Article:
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Sticky for Samuda - Mission to regularise squatter settlements being slowed by suspect land owners

Published:Thursday | December 20, 2018 | 12:00 AMErica Virtue
Michael Reid (right) and Rehona Rumble are among residents of 591/2 Lyndhurst Road in the Corporate Area, which is one of the squatter settlements the Government is trying to acquire and regularise.

Minister without portfolio in the Office of the Prime Minister Karl Samuda, who has responsibility for housing and lands, has warned that the Government will not be bullied into paying for lands where there is suspicion about how it was acquired.

According to Samuda, some persons who have acquired lands in suspicious circumstances are pushing the State to pay them millions of dollars to acquire the properties, which have been captured by squatters.

Samuda told The Sunday Gleaner that the question of ownership and the prohibitive costs being demanded by those who claim to be the legitimate owners have slowed attempts at regularisation of some squatter communities.

He pointed to a Corporate Area property which the Government has been trying to acquire for some time to regularise the more than 100 persons squatting there as one of those where the process has been stymied by the alleged owner.




"What you find is that over time, the property becomes much more in demand and then they come and claim it. A judge then rules that the people must be evicted and left homeless. But we have the option to use the Compulsory Land Acquisition Act and we will not hesitate to use it," said Samuda.

He noted that once land has been declared and gazetted under the Compulsory Land Acquisition Act, it provides protection for individuals who have been living there for more than 20 years.

"A lot of these younger judges have not availed themselves of legislation that was promulgated in 1977 (Local Improvement Community Amenities Act) by the late Anthony Spaulding. I supported it, although I was in opposition.

"It really revolutionised, as a policy, provisions whereby persons who have been living on lands for more than 25 to 30 years could not be bulldozed overnight," added Samuda.

"That law grants them protection. Gives them a sense of hope towards future ownership. So my job now, since I have been transferred to this ministry, is to ensure that the hundreds of untitled properties falling into this category that they are given titles," he declared.

The veteran politician, whose St Andrew North Western constituency has several squatter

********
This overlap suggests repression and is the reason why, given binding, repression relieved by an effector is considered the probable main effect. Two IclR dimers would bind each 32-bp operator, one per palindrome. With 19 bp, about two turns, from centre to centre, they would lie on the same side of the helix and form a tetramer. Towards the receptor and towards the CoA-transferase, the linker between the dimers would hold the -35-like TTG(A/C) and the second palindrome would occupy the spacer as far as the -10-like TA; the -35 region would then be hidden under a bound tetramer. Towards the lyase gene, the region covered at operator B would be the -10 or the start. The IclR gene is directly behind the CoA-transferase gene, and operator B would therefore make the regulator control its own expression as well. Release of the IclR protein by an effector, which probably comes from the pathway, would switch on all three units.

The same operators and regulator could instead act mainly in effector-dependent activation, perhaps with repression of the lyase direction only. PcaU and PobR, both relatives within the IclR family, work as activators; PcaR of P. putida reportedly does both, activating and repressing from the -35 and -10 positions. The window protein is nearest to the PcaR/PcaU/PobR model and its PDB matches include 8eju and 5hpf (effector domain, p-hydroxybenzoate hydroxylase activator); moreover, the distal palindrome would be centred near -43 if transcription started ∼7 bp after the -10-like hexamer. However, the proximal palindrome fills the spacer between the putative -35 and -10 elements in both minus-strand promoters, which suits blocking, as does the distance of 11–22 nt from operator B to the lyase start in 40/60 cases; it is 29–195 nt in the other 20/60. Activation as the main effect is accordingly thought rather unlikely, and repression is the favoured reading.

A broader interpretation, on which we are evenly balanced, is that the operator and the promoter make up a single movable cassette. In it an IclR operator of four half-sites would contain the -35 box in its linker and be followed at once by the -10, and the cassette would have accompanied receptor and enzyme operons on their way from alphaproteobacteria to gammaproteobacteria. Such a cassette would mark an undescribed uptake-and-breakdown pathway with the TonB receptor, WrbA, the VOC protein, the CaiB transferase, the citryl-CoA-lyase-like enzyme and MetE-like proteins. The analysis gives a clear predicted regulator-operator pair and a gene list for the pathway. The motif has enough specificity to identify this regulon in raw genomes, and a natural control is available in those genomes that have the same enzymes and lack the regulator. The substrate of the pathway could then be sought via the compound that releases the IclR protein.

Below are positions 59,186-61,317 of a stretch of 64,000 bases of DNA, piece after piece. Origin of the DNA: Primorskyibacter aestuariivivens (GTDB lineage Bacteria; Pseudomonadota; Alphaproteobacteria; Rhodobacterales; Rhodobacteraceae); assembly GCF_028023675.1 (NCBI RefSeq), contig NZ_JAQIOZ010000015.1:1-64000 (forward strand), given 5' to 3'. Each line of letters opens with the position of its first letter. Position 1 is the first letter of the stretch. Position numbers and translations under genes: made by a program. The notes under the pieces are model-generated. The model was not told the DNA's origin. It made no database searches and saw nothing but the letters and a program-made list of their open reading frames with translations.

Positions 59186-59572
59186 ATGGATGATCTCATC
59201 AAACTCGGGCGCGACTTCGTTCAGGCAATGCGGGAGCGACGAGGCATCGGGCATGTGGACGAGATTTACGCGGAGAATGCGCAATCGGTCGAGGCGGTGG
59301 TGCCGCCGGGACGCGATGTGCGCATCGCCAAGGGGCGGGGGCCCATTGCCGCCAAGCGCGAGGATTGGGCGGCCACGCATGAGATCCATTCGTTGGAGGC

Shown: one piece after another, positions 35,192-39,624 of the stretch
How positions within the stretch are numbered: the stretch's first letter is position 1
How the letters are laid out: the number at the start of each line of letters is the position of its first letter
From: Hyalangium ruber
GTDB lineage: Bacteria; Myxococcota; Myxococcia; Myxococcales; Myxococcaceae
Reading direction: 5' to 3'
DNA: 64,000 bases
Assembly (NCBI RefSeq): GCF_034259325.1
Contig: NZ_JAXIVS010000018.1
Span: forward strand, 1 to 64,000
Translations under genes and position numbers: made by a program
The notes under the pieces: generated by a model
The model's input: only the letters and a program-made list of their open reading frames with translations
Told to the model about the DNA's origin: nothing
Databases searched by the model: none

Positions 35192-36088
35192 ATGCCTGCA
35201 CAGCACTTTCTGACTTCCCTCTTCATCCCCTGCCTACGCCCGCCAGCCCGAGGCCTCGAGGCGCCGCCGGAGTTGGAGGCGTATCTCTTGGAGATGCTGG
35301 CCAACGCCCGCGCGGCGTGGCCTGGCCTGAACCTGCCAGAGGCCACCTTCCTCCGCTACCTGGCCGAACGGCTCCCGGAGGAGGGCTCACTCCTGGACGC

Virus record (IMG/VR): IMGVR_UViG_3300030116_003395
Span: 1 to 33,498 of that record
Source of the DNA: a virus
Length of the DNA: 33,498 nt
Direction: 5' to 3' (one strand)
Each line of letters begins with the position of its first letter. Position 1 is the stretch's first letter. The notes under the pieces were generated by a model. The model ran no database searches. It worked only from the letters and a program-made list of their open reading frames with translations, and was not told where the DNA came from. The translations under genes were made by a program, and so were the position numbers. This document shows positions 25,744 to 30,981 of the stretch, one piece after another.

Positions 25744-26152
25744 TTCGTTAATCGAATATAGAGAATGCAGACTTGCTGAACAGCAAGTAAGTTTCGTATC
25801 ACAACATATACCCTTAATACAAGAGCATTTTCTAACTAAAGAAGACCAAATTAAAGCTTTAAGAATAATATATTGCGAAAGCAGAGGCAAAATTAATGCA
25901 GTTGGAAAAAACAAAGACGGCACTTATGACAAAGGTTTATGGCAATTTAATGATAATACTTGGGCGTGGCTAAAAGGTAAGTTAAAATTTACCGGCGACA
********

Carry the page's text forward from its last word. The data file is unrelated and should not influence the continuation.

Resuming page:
settlements, said the Government is "actively engaged in setting up a system where the ownership of all these lands, where persons have been living there for years, will be put in the hands of the people".




Samuda noted that the law allows for infrastructural development by the State of these squatter settlements with the provision of roads, water, and electricity.

"All of those things we will do to ensure that we develop a community that is properly structured. And that's my mission," he vowed.

The problem of regularising squatter settlements on properties were questions surround the ownership of lands was one which also faced the former administration, and Dr Morais Guy, who served as the housing minister, told The Sunday Gleaner that in several instances eyebrows were raised about how properties were acquired by those who held the titles.

He said without proof of impropriety, even with overwhelming anecdotal evidence, the Government had no choice but to pay up.

"One will have a challenge when you are seeking to ascertain the owner, especially when you hear of more than one owner. That would pique your curiosity. But you will recall, there were difficulties at the titles office where it emerged that people would get titles for properties that did not really belong to them," said Guy.

"In instances where persons squatted on private property for a significant period of time, the Ministry of Housing had undertaken to buy the properties from the owners and then regularise occupants," added Guy, as he noted that persons tended to produce titles once the Government decided to act.

Citing the case of Angels Estate lands in St Catherine, Guy noted that the Government acquired a section that was under private ownership and occupied by squatters.

He said several properties have been purchased to regularise squatters communities but some remain in dispute because of the price being demanded by the owners.

"Everybody believes that when they have something to sell Government, they must do so at the highest price, irrespective of how they got it," said Guy.